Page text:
Reviews written by registered user
|4 reviews in total|
All in all, I was pretty pleased with this adaptation of the six
Samantha books. It was not 100% true to the details of the story, but
seemed to capture the spirit. The actors were all decent, if a little
dramatic, but they were certainly suited to the parts. Uncle Gard and
Cornelia, in particular, were exactly how I'd pictured them.
There were a few anachronisms that made the movie seem less well researched than the books -- for example, two of the characters return from Europe in 1904 excited about the "brand new" Impressionist art movement and a fellow called Monet who had some water lilies. That's nice and all, but a couple of decades too late. These things didn't detract from the story, though; I wasn't watching it for historical accuracy, I watched too see if they could effectively capture the magic and personality of the books, and in that, they succeeded. It's a lovely story and will be enjoyed by girls of Samantha's age and readers of the books.
If the first Matrix movie was something entirely original, and the second was all about philosophy, this one was purely an action movie. Plot-wise, I felt like several of the questions posed in Reloaded went unanswered, and that generally it wasn't a satisfying end to the series. I wanted to hear more about what happened to Zion, more about The One, more about the Architect, and so on. This film focused primarily on the machine world, which was so neglected in Reloaded that it felt confusing and surprising in this one on a good day, and contrived on a bad. However, the action sequences were well-done, it was reasonably suspenseful, and if it had been released as a stand-alone action movie, would have been pretty good.
I saw The Stone Reader at an advanced screening and thought it was wonderful. Finally, a movie made by someone who understands the magic of books. Moskowitz (sp?) talks a lot about the indication of a good book being that you feel like the author is just sitting there talking to you. It's so true, and what Moskowitz may not realize is that he accomplishes the same thing through his film. It drags in places and the camera work is a bit jumpy, but the content more than makes up for it. Thoroughly enjoyable, I'd recommend it to anyone who's ever loved a book.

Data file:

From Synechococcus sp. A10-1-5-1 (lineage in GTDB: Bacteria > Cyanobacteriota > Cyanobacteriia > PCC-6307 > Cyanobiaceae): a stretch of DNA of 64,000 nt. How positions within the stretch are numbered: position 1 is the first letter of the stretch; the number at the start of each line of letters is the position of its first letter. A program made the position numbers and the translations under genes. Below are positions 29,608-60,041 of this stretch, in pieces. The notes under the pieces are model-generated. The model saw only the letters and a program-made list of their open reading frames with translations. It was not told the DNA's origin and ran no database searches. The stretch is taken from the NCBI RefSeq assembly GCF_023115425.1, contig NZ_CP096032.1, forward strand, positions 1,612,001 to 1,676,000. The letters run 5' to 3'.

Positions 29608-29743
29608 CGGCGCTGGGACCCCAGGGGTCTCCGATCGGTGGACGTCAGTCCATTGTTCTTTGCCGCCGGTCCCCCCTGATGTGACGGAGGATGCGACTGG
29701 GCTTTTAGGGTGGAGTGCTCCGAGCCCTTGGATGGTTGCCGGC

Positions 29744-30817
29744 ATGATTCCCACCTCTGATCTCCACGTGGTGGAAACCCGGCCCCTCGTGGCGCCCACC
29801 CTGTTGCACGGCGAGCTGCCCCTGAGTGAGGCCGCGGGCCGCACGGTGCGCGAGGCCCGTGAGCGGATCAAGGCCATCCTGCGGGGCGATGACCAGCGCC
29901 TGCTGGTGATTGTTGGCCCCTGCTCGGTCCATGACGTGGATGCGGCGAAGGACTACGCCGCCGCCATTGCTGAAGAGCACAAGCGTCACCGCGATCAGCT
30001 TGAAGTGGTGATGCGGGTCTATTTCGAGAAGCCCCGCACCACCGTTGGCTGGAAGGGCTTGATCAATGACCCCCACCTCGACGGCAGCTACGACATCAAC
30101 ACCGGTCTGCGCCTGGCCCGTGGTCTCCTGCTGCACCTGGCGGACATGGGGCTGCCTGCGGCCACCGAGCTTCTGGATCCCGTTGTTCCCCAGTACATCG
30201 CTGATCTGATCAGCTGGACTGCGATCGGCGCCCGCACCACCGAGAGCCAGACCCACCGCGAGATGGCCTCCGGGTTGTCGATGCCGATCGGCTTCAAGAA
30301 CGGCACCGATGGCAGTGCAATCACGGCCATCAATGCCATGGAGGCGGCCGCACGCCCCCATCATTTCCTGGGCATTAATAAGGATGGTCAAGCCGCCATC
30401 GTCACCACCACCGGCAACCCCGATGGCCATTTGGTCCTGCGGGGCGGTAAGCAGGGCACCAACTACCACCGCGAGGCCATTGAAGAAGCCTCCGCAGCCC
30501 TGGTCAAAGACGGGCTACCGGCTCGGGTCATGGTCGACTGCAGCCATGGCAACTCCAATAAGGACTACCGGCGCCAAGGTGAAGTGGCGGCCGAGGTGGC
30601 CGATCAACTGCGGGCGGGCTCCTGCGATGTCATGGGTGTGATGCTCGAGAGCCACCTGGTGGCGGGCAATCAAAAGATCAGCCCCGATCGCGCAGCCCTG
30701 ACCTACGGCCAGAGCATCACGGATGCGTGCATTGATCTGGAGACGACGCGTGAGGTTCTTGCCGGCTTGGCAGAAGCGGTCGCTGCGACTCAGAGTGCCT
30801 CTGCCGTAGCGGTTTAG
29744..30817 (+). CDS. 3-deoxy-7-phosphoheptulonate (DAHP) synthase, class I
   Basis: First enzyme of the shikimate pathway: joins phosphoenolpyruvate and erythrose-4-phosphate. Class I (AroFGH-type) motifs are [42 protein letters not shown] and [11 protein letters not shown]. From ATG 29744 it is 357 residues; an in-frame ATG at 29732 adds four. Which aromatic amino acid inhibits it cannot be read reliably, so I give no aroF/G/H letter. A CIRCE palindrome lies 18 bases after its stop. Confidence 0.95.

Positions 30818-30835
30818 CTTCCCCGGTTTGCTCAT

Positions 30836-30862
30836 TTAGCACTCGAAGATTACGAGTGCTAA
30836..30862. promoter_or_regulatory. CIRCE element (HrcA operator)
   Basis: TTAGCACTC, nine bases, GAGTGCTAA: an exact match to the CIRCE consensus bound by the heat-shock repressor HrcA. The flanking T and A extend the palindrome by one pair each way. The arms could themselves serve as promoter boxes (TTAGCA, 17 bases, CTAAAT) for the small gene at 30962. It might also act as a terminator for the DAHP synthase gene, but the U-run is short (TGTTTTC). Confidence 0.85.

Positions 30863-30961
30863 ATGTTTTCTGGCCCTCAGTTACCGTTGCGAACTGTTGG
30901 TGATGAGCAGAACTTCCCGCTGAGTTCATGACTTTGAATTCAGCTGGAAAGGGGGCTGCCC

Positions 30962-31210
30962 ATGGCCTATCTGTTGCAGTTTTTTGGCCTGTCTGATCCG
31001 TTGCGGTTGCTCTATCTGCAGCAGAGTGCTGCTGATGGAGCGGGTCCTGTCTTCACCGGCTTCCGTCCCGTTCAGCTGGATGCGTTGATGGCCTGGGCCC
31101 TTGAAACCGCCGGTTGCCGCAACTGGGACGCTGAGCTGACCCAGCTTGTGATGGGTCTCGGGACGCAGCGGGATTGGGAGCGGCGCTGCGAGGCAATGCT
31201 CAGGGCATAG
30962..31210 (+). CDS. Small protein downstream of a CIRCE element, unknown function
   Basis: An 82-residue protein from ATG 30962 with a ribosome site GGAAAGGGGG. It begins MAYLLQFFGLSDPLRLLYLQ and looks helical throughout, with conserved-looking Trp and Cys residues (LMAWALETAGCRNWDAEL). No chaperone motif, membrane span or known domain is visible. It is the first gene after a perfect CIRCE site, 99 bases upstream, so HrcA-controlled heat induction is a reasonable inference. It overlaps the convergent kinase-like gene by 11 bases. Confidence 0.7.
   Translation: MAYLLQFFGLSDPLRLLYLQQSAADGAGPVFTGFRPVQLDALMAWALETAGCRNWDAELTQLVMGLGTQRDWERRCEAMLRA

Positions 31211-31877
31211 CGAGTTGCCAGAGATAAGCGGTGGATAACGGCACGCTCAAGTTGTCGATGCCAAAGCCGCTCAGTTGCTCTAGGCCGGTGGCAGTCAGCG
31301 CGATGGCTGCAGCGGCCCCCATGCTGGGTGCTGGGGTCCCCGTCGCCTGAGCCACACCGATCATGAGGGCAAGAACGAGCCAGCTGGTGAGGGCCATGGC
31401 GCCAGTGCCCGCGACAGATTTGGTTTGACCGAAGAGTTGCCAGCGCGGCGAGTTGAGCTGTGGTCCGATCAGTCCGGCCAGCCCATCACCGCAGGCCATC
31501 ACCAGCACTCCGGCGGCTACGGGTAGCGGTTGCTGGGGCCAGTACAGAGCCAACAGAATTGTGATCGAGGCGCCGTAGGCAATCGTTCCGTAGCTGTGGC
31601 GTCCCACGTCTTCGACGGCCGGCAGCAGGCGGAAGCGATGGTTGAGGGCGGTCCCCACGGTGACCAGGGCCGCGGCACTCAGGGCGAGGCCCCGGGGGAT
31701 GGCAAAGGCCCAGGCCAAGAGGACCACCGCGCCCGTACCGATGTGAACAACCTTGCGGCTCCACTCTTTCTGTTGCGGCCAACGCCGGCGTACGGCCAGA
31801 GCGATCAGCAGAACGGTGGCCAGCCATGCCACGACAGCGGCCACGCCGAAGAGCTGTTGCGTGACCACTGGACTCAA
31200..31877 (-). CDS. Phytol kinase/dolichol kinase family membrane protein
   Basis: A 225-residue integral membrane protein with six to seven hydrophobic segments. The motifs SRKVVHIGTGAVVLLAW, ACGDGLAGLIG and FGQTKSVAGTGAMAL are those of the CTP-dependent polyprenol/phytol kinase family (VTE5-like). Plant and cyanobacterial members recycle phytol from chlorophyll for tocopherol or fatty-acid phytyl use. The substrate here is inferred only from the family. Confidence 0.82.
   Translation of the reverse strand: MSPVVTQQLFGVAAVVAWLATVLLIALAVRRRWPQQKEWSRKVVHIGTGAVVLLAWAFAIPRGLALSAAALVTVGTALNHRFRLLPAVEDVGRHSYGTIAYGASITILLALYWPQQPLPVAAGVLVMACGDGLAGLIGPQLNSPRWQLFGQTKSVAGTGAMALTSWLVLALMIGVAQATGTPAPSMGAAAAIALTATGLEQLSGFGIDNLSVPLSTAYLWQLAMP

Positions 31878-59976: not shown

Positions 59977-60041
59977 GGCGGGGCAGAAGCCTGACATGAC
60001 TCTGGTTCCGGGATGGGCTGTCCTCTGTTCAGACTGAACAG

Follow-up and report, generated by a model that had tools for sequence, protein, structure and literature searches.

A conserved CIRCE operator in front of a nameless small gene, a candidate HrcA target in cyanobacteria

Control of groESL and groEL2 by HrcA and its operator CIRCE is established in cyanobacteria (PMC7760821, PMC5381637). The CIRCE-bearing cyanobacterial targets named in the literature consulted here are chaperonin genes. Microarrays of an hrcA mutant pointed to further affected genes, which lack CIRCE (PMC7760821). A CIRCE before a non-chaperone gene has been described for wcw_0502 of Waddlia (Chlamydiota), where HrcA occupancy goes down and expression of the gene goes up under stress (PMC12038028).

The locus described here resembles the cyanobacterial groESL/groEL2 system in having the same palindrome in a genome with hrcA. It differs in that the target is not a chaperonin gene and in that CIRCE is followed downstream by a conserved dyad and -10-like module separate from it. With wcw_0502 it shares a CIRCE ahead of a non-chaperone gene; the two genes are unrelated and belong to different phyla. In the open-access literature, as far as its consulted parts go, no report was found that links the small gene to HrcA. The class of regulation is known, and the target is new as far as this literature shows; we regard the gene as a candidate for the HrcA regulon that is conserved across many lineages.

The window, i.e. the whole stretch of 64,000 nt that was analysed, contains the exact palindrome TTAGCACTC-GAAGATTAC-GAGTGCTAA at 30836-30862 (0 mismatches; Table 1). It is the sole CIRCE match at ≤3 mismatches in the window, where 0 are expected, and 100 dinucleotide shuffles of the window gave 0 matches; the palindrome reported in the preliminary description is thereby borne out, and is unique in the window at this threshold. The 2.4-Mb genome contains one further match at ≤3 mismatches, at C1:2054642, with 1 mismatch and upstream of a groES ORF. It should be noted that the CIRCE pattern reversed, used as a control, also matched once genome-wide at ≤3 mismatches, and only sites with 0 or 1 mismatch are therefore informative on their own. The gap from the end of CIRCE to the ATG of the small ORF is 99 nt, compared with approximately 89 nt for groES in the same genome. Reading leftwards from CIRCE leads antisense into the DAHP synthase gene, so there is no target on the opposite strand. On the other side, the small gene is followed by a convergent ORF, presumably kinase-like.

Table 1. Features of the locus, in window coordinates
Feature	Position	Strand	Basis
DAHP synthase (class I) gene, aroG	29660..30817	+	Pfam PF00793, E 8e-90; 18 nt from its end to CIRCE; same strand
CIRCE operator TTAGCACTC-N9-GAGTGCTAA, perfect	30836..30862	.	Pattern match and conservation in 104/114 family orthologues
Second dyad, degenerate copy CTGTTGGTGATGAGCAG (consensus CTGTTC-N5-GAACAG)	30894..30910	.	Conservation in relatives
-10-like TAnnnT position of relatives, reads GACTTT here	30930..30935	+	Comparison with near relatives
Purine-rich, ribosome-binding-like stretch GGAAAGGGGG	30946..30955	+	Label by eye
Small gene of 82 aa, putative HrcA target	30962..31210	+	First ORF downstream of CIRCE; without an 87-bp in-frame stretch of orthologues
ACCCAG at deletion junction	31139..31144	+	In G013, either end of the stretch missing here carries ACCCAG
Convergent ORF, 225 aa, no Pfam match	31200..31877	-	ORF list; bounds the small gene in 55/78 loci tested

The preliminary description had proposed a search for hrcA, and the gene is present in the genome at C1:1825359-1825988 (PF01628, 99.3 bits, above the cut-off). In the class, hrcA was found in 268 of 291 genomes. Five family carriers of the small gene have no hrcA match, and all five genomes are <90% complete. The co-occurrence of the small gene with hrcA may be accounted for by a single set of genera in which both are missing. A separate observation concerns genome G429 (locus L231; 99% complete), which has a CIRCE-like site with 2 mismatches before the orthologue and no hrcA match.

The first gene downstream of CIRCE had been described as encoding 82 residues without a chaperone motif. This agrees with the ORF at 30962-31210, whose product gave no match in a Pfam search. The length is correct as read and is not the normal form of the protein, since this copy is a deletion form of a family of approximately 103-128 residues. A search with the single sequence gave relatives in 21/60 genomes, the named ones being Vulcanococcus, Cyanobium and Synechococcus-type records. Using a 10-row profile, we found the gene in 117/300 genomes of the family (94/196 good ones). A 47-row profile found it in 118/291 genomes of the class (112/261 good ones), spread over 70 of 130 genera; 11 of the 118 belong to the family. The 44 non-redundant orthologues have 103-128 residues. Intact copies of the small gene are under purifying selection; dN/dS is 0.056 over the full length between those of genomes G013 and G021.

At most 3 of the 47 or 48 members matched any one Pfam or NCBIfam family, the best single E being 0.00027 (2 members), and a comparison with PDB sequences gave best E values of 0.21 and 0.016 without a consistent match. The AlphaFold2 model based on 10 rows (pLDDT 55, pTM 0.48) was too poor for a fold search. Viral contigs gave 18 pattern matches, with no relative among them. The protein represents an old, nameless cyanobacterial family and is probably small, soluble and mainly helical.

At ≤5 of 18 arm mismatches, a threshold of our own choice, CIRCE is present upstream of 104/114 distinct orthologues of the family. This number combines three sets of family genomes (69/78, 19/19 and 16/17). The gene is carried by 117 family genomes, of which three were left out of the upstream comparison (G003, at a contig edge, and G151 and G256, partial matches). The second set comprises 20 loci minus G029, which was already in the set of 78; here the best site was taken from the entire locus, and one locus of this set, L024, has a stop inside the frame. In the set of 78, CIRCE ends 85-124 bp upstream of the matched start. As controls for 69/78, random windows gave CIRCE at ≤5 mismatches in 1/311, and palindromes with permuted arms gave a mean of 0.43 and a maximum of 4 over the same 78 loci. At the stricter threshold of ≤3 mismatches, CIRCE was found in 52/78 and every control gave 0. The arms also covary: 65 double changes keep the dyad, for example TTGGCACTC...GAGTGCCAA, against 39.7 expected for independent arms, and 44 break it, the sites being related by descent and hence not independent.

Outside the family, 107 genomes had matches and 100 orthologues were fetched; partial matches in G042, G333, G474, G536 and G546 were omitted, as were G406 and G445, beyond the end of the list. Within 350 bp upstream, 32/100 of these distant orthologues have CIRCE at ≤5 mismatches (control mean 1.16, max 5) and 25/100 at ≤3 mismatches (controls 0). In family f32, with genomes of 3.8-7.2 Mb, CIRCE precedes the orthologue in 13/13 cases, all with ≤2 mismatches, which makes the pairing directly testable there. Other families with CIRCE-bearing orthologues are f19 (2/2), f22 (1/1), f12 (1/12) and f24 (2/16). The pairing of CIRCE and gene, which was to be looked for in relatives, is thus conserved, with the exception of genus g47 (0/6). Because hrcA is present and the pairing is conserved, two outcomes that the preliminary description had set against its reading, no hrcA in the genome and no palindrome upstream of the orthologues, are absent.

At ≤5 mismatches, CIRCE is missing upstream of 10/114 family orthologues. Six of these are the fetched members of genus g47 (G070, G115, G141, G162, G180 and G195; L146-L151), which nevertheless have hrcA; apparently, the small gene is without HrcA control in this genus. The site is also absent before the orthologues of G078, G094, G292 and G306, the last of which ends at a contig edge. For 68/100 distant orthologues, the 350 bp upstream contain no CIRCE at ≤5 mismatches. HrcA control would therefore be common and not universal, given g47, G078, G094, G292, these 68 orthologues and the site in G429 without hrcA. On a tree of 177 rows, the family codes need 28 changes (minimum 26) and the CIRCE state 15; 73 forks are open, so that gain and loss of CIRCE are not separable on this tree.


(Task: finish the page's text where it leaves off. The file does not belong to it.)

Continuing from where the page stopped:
For the first twenty minutes, I truly enjoyed 'Pay it Forward'. I love Kevin Spacey and Helen Hunt and am learning to like Haley Joel Osment. However, as creative as Kevin Spacey is, 'Pay it Forward' is a chick flick for women who don't like chick flicks. I cried, yes, but was mad at myself for doing it. As soon as the three major characters had been introduced I knew that Helen Hunt and Kevin Spacey's characters would have to get together and it ruined the rest of the film for me. It's not *terribly* romanc-y, which saves it from the misfortune of being labelled a chick flick, but the only quality is in the characterization. 'Pay it Forward' gets some credit for continuing to focus on Trevor (Haley Joel Osment) even after it is obvious what is going to happen, and I liked the multiple plot lines. Kevin Spacey is lucky that he was a saving point instead of being dragged down in the plot; he gets lots of gold stars from me on his ability to a) act magnificently and b) portray an enormous variety of characters, including an excellent Mr Simonet; so I apologize to him in saying that the film was a flop.